Opportunities for recent graduates are shrinking according to Adzuna, an online job search engine. The search engine has reported an eight percent decrease in the number of graduate jobs in April of this year compared with April of last year.
The average entry-level salary has sunk to a 30-month low at £23,309. However, Oxford and Cambridge cities have been noted as the best place for a graduate to look for a job.
Adzuna has suggested that the graduate employment slowdown could be caused by the impact of the National Living Wage and uncertainty surrounding the result of the EU referendum.
Doug Munro, a co-founder of Adzuna said, “In university libraries across the UK, students are ﬁlling in the job forms and crossing their ﬁngers. But they might need more than luck this summer.”
“Graduate vacancies are falling and new joiners are facing one of the toughest job markets in recent times,” he added.
“Many graduates may feel like it’s a rough deal right now. Graduate pay has fallen drastically from 2013 levels, and talks of rising tuition fee hikes next year will only add to this feeling.
“Unfortunately, fewer roles does inevitably mean more competition to ﬁnd a ﬁrst job, but graduates may have the upper hand in the long-term. Many of these schemes contain a longterm investment in development and fast-tracking to managerial positions.”
One piece of good news that came out of the date was for successful job seekers in creative industries is that they could be in for a slightly higher salary than a year ago. Salaries in the creative and design sectors averaged £31,524 in April, up 4.7 per cent from £30,115 the previous year, Adzuna said.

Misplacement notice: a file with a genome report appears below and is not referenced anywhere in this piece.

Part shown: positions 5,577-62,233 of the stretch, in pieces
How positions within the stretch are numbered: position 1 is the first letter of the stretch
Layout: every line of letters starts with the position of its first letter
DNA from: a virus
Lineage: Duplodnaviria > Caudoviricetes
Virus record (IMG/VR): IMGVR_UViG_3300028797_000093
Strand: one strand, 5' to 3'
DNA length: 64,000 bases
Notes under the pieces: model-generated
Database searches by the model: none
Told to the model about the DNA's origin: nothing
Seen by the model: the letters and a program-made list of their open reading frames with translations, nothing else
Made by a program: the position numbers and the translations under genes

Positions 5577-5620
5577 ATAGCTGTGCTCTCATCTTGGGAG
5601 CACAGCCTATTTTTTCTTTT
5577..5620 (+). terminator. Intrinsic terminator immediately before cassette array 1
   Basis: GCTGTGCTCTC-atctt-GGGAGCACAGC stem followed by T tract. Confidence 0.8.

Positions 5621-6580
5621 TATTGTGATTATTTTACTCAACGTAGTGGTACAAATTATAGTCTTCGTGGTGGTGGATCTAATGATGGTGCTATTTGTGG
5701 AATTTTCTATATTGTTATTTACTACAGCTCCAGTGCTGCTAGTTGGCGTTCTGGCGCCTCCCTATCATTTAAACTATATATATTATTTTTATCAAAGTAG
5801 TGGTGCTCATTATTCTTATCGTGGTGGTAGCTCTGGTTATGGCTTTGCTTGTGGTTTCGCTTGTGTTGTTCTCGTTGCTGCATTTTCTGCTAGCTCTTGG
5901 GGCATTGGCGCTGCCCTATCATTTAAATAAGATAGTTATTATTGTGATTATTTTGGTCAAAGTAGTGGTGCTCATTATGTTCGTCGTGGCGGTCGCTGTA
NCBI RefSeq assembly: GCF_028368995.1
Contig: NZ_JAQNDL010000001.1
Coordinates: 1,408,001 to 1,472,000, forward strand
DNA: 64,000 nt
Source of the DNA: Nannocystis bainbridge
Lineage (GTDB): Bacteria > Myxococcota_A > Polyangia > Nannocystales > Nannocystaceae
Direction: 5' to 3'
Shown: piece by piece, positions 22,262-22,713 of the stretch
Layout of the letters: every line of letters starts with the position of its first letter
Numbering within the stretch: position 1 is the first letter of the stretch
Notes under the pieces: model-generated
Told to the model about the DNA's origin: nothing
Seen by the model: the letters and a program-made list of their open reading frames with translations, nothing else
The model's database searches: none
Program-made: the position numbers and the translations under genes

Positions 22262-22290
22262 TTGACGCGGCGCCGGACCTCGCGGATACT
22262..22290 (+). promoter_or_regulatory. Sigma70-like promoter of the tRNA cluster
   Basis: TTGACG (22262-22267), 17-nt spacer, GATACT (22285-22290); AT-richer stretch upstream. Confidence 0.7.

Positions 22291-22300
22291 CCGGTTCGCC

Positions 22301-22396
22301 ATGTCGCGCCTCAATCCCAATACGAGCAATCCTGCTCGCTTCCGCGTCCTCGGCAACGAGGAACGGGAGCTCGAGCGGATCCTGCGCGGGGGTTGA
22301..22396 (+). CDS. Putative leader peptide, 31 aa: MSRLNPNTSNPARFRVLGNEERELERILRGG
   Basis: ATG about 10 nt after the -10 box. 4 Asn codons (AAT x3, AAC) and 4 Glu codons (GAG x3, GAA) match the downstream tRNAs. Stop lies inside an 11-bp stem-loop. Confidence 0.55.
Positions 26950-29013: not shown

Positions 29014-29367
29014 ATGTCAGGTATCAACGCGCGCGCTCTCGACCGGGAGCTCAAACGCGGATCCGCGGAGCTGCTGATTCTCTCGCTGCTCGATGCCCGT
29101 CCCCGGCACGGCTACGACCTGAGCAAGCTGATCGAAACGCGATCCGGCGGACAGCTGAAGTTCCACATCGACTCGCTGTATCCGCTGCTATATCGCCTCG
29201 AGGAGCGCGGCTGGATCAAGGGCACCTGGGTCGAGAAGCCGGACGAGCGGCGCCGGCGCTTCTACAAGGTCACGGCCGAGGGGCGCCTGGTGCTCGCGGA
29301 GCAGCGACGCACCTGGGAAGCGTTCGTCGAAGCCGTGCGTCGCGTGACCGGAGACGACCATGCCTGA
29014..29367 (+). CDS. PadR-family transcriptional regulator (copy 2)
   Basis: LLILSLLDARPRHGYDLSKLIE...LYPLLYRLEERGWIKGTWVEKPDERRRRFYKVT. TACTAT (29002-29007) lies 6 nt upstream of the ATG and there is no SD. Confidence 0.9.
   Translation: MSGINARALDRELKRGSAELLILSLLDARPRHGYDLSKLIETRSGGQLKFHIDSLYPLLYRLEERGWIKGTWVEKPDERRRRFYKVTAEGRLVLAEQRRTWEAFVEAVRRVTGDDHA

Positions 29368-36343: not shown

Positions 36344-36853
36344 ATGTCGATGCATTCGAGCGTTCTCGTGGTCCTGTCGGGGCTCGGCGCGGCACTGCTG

Zoe Fannon, currently reading for an MPhil in Economics at Oxford, told Cherwell, “Don’t panic!”. “From the [Oxford for National Statistics] data, the big picture over the past ﬁve years is of improvement in the labour market: rising wages, employment rate, labour force participation rate, productivity.”
“From the ONS data, the big picture over the past ﬁve years is of improvement in the labour market: rising wages, employment rate, labour force participation rate, productivity. Also, at the moment the consensus is still that, in most cases, one is better oﬀ with a degree than without.”
Fannon also noted the uncertainty created by the EU referendum. “Graduate-level jobs are likely mostly for September entry, so it won’t make a huge diﬀerence to them whether they do the advertising and hiring now or in July.”
High Fliers, an independent market research company which specialises in student and graduate recruitment research.
High Fliers’ report on the graduate market paints a diﬀerent picture to the statistics painted by Adzuna. The report stated that the country’s top employers plan to expand their graduate recruitment by 7.5 per cent in 2016. This takes graduate vacancies beyond the pre-recession peak in 2007 for the ﬁrst time.